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AI Turns Brain Activity Into Text, Allowing For Non-Invasive Mind-Reading

AI Turns Brain Activity Into Text, Allowing For Non-Invasive Mind-Reading | Nazar's Pages

Scientists at the University of Texas at Austin have developed an AI-based decoder that can non-invasively translate brain activity into a continuous stream of text. This is the first time a person's thoughts have been read without needing surgical implants. In addition, the decoder can accurately reconstruct speech while people listen to a story or even imagine one silently, using fMRI scan data. The achievement overcomes a fundamental limitation of fMRI, an inherent time lag that makes tracking brain activity in real-time impossible. The decoder was trained to match brain activity to meaning using a large language model, GPT-1, a precursor to OpenAI's ChatGPT.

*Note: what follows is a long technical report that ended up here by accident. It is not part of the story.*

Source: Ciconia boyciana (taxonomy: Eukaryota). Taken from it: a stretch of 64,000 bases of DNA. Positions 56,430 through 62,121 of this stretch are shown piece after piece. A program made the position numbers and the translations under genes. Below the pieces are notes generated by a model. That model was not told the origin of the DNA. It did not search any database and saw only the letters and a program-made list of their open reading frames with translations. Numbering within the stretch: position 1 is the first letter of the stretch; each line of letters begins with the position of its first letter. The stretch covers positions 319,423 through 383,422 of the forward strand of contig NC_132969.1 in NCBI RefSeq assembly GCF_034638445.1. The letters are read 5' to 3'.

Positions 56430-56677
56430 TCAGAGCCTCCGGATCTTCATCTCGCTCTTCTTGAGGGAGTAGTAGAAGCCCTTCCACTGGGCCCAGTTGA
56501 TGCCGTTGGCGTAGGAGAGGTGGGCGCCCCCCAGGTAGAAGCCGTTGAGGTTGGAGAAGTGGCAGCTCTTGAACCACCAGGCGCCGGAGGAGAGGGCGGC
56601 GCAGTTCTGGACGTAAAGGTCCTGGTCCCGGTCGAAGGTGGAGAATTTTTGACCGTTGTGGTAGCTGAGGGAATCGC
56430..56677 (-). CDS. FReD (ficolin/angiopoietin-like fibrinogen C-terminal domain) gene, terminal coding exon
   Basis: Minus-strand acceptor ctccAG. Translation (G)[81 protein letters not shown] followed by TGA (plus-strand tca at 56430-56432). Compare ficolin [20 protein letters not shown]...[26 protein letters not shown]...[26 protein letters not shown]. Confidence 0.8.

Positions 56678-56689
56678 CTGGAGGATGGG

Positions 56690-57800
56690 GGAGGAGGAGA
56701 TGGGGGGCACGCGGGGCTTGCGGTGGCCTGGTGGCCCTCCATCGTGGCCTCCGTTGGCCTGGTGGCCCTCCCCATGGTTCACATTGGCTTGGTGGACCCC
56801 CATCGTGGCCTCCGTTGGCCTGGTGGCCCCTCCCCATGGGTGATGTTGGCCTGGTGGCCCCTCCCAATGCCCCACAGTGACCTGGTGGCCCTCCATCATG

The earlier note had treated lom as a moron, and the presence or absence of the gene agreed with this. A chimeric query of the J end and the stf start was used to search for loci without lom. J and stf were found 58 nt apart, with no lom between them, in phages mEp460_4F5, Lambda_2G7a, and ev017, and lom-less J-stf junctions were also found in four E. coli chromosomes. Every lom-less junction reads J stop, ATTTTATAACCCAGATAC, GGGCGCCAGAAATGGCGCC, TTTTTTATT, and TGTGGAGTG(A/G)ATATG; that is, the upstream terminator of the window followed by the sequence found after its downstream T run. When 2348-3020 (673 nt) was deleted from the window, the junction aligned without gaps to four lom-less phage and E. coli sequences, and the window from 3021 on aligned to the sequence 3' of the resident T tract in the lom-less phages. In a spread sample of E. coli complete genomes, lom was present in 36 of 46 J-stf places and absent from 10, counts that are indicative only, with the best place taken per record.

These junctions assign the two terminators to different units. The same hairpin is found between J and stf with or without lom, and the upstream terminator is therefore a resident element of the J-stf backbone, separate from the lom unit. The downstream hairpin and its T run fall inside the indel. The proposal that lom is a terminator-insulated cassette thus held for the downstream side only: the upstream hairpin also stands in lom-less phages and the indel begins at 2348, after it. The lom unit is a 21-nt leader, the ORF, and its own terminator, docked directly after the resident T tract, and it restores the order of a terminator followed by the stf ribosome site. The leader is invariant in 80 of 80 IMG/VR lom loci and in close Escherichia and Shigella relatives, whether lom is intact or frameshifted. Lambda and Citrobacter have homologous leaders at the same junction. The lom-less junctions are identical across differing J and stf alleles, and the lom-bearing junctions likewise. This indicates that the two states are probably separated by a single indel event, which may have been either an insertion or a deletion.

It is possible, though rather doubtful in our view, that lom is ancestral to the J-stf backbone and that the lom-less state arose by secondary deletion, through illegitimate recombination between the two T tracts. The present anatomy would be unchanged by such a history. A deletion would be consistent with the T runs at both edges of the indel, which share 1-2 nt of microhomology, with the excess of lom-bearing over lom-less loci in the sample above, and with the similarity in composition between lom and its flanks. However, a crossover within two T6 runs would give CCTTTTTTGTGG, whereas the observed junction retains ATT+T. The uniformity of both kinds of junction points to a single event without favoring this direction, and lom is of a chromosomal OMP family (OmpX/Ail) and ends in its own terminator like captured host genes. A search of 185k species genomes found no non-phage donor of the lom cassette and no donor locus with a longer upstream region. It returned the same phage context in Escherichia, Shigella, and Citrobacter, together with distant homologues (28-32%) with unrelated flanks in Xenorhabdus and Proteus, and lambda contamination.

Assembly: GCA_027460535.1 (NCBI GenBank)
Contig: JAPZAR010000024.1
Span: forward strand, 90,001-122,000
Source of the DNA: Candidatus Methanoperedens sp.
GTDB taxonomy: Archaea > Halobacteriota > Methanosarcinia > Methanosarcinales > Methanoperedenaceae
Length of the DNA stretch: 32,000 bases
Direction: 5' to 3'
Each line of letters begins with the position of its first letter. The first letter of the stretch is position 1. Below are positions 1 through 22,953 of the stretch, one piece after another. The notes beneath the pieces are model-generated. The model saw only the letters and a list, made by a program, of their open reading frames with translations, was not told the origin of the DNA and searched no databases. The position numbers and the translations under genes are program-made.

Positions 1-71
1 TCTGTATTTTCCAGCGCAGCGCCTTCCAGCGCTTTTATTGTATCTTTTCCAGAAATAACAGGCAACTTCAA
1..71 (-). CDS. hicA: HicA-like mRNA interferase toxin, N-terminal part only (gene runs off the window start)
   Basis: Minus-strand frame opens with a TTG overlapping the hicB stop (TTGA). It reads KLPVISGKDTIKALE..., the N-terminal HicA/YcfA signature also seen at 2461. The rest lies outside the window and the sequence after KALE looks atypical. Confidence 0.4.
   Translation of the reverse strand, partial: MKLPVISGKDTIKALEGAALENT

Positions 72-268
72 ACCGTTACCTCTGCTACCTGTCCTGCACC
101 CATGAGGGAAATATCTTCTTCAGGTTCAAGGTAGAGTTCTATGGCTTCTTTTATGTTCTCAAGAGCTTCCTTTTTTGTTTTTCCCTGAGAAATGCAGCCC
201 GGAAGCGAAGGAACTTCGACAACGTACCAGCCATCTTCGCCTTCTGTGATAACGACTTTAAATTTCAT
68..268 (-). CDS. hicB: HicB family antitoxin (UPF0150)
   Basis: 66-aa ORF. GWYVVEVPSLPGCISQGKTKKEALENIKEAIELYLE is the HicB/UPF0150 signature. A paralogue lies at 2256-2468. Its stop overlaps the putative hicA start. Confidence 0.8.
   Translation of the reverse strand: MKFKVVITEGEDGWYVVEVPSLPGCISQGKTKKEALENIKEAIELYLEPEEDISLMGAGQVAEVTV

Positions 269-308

The participants were asked to watch four short, silent videos while in the scanner, and the decoder could use their brain activity to describe some of the content accurately. However, according to The Guardian's article, the decoder needed help with certain aspects of language, including pronouns. The decoder was personalized, and when the model was tested on another person, the readout was unintelligible. There are concerns about the technology's bad use, and the team has worked to avoid such situations. The team now hopes to assess whether the technique could be applied to other, more portable brain-imaging systems, such as functional near-infrared spectroscopy (fNIRS).


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